It is useful to learn how to keep a conversation going. Explain to the child that one of the easiest ways to continue a conversation is when someone asks you a question, answer it, and then throw another one back. It’s like catching and throwing a ball.
Practice making up situations, questions, and answers in pairs.
What are you up to over the weekend?
I am going swimming. What about you?
It’s a simple trick and can lead to the next point for discussion.
Helpful Worksheets for Students
School can be a great place to make friends and learn valuable social skills.
But it takes practice, and mistakes are inevitable.
The following two worksheets consider what friendship means to the individual and help clarify their self-concept.
What Does Friendship Mean to Me?
Use the What Does Friendship Mean to Me? worksheet to reflect on why friendship is so important to the individual. While increasing feelings of relatedness and closeness, understanding friendship can also help clarify social interactions and keep individual needs in mind.
Use this awareness to appreciate your friends and recognize when people are not showing you friendship.
Self-Concept for Conversations
Conversation is easier when you can speak clearly about who you are.
Use the Self-Concept for Conversations worksheet to summarize how you think about yourself. An explicit self-concept will make it easier to introduce yourself in social situations.
Revise the answers before meeting others in a social environment. They can lead to further conversations.
How to comfort a friend who is hurting (exactly what to say) – How Communication Works
3 CBT Worksheets to Use With Clients
Adopting the right mindset is crucial for dealing with anxiety, shyness, and the lack of confidence that causes social discomfort (MacLeod, 2018).
It’s important to recognize that it is not always the situation that causes the problem, but our beliefs regarding that situation.
The following worksheets provide three valuable techniques for considering and replacing unhelpful thinking:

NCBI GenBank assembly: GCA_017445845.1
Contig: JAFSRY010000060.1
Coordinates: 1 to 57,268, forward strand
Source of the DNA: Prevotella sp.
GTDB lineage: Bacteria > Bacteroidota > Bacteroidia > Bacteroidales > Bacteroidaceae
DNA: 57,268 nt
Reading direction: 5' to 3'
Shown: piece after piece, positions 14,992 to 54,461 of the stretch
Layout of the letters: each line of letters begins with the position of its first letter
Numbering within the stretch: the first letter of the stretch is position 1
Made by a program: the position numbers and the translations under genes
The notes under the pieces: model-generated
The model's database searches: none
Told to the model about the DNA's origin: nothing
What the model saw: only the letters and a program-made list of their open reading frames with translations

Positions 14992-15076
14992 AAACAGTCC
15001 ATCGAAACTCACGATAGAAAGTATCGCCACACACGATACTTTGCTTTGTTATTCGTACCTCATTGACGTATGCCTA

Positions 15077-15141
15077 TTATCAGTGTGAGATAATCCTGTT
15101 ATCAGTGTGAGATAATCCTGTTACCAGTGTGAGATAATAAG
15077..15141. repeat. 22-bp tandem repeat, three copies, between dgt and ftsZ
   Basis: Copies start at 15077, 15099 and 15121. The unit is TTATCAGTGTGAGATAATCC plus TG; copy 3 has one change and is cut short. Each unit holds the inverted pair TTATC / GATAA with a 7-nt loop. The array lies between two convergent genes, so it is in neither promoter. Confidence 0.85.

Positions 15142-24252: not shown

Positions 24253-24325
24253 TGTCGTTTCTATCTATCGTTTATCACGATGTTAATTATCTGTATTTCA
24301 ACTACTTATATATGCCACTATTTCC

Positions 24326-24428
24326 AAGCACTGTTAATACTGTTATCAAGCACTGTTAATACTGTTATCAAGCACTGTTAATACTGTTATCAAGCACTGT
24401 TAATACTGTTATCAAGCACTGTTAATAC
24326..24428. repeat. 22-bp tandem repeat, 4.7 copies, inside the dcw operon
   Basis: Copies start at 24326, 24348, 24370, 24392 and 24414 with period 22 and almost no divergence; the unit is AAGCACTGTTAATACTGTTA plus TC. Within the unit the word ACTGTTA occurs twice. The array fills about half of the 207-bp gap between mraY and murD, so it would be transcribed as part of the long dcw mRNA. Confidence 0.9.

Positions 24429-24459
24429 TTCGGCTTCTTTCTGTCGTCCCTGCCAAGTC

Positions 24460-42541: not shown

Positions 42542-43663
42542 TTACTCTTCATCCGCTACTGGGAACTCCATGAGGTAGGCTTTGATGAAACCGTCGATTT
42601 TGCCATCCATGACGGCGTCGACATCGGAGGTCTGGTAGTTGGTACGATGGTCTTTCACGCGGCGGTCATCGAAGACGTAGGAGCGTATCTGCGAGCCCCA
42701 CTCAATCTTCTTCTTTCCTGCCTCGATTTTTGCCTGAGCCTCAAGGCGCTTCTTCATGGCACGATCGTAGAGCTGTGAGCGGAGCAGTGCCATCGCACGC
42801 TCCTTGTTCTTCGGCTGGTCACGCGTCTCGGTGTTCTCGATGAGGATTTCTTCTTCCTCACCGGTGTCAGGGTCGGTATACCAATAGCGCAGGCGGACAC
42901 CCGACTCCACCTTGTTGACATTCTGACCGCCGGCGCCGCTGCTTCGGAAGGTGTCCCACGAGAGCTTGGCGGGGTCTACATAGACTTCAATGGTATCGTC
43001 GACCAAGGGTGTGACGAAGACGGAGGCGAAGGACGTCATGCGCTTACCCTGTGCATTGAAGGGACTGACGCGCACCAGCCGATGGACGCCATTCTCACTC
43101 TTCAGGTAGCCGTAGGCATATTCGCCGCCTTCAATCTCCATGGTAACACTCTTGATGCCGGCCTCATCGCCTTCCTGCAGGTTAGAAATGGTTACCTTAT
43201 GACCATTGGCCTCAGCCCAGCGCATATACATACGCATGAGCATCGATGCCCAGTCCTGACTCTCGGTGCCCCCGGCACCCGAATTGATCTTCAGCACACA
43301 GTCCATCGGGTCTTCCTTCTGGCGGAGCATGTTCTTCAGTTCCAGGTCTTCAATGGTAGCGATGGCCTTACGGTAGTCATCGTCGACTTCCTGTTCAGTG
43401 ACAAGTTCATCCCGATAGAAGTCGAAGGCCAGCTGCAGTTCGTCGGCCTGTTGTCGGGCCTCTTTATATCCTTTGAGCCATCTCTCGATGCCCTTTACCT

- ABC Functional Analysis
By understanding both the causes and the effects of your client’s behavior, you can help them recognize social behavior standing in the way of their goals.
- Coping Styles Formulation
When confronted with challenging social situations, we sometimes attempt to escape or put up defenses. Understanding the problem and the existing coping style makes it possible to develop more adaptive coping strategies.
- Graded Exposure Therapy
Social situations can lead to fear and avoidance. Safe environments can be created to manage exposure and learn how to become more comfortable in difficult situations.
Group Counseling Activities
Sharing our thoughts, fears, and anxieties in a group setting can be freeing, especially when we recognize that they are familiar to all.
Sharing our insecurities
Discussing real or imagined socially awkward or difficult situations can help us understand our own and others’ fears and reflect on our coping strategies.
Within the group, discuss the following points and their impact (modified from MacLeod, 2018):
- Accept that nervousness comes from valued goals
Discomfort can be put in perspective and may even be worthwhile if pursuing something meaningful.
- Accept that it’s okay to show what you are experiencing
When we stop worrying whether we appear nervous or scared, anxiety loosens its grip.
- Tell people when you feel shy or insecure
Most people have been through similar experiences. Casually share your concerns and move on.
- Recognize that it’s normal to get nervous
There is nothing wrong with you. As humans, we are set up to have these feelings. Permit yourself to have them.